Think of your favorite movie — any of your favorite movies. Try to imagine it without a musical soundtrack. Would your experience of the movie be any different?
Of course it would. And it doesn’t have to be an award-winning soundtrack. The music cues our emotions, helps us to interpret what we see. There’s bold, swelling music for acts of courage and times of triumph, and plaintive music for death scenes. Dark, foreboding music warns us of the threat lurking around the corner, while a lighter tone accompanies moments of comedy. Whatever the situation, there’s an appropriate score, and our experience of the story would be flatter without it.
What I’m proposing is this: if the gospels had a soundtrack, at least part of it would be from the Psalms.
Studying the story of the Triumphal Entry recently, I’ve been struck again by the subtle role played by Psalm 118, working like background music to the drama. “Hosanna!” the people proclaim, as Jesus rides toward Jerusalem, surrounded by throngs of pilgrims who have come to the city for the Passover festival. “Blessed is the one who comes in the name of the Lord!” (John 12:13, NRSV).
It’s an echo of Psalm 118:25-26, a song that forms part of the people’s collective memory. The psalm itself seems to have been written for liturgical purposes. In it, an individual (possibly the king) who had called to God from amidst dire circumstances tells of the Lord’s salvation and calls upon the congregation to proclaim with him: “His steadfast love endures forever” (vss. 1-4, 29).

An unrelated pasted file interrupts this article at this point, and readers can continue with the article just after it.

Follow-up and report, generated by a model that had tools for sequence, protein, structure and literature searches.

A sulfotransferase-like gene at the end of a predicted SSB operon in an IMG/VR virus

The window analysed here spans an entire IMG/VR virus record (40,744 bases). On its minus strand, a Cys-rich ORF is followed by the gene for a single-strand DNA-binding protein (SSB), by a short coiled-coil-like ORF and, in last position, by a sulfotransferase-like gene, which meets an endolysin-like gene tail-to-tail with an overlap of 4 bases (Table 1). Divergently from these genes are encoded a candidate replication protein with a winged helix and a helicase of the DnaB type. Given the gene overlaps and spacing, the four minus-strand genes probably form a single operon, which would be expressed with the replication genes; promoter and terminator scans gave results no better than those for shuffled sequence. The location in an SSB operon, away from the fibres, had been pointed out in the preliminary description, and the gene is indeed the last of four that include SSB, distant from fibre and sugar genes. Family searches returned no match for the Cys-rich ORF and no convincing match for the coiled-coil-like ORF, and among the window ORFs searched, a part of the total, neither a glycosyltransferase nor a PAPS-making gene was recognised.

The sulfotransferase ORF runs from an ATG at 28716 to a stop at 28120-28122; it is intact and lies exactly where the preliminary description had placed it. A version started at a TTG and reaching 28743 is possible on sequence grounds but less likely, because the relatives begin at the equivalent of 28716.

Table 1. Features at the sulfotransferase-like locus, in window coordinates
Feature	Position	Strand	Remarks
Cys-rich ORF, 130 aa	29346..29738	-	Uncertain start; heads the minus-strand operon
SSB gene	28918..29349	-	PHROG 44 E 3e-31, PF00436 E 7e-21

Indeed, the song echoes an even earlier one. When the psalmist declares, “The Lord is my strength and my might; he has become my salvation” (vs. 14), we hear the strains of Moses’ song as the Israelites stood on the far shore of the Red Sea: “The Lord is my strength and my might, and he has become my salvation” (Ex 15:2).
It’s a bit like having your own theme song.
Interestingly, in Matthew, Mark, and Luke, Jesus himself quotes the psalm soon after his entry into Jerusalem. After telling the parable of the wicked tenant farmers who killed the landowner’s son, Jesus asks his opponents, “Have you never read in the scriptures: ‘The stone that the builders rejected has become the cornerstone; this was the Lord’s doing, and it is amazing in our eyes’?” (Matt 21:42). Jesus seems to assume that the chief priests and elders know the text: it’s Psalm 118:22-23.
In the context of the psalm itself, the quote seems mostly about how God can miraculously reverse the fortunes of the faithful, of those whom he loves and saves. The community sings that song to remember God’s steadfast love and to trust in his eventual salvation: Don’t give up. God will yet rescue and restore his people.
Problem is, their way of singing the song has gotten out of tune. More on that in the next post.